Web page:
When is an “A” really an “A”?
Farmington Public Schools has implemented new standards designed to bring uniformity to its system of grading secondary students, school officials say.
The move toward “standards-based grading” came as the result of an accreditation review, Superintendent Dr. George Heitsch said. The study noted that the standards for awarding grades varied from teacher to teacher.
Naomi Khalil, Director of Instructional Equity, said within the district, some graded a score of 86 as an “A”, some required at least a 93 or 94.
“We had no consistent, common grading scale or practices,” she said.
The new “straight scale”, common across Michigan and the U.S., is pretty simple: 90-100 is an “A”, 80-89 is a “B”, and so on. It’s just the beginning of a process that continues this year with a district-wide survey and informational forums starting in October for staff and parents, who have already raised concerns.
In addition to the change, Khalil acknowledged, there was a “technical glitch” in the online student reporting system that resulted in the percentages connected to letter grades being hidden. That has, for the most part, been resolved.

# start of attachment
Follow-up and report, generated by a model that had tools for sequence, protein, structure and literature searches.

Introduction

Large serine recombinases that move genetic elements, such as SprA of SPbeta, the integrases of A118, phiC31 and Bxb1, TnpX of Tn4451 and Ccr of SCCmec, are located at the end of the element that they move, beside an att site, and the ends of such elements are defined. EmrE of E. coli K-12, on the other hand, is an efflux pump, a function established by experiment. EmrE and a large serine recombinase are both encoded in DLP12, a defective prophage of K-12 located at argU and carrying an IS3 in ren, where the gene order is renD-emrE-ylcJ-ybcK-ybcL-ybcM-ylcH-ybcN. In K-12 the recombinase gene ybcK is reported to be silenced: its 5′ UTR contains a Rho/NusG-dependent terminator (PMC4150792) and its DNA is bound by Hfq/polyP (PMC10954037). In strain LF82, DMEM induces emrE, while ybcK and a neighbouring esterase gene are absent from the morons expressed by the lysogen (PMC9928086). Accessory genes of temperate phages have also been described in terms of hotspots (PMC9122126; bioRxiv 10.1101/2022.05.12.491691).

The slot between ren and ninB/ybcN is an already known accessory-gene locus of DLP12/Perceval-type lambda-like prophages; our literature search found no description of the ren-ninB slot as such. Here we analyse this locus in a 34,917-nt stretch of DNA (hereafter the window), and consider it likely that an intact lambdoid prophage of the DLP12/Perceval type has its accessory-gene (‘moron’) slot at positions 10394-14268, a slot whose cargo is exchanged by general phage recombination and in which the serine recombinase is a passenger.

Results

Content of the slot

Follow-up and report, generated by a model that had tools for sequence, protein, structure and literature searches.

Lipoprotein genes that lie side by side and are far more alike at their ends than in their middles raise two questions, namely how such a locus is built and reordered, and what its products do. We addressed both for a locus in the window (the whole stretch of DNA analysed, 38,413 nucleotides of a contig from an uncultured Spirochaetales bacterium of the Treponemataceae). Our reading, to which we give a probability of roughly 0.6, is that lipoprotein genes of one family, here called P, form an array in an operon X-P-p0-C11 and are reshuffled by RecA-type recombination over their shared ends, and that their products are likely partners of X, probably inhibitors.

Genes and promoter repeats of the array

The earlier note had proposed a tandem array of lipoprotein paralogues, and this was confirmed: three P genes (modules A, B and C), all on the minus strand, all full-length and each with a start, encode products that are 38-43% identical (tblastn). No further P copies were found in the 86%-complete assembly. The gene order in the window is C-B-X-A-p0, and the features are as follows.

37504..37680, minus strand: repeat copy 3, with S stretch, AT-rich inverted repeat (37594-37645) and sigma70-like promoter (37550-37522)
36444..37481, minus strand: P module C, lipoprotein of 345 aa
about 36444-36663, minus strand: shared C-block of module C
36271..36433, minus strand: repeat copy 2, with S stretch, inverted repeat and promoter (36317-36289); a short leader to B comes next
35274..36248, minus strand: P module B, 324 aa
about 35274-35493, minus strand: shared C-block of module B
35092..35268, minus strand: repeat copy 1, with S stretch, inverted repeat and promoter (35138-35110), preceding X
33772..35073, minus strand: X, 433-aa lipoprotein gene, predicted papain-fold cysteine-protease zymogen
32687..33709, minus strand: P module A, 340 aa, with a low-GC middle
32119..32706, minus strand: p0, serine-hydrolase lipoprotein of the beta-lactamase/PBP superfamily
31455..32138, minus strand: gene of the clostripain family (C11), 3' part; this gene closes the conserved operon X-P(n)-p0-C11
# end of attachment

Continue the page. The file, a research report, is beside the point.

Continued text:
Parents are also concerned that their children will be short-changed by the elimination of the “plus” or “minus” added to letter grades.
“There’s a belief out there that we have somehow taken away weighting,” Khalil said. “An A-minus or an A-plus was always a 4.0. We tracked it back for 15 years.”
Transitioning to the new system is expected to take about five years, Khalil said. With the shift to measuring against standards, teachers will “be able to articulate what the grade means.” Part of the plan includes an alignment of elementary and secondary grade reporting. But the whole process comes down to one thing.
“It’s really about the learning in the classroom,” Khalil said.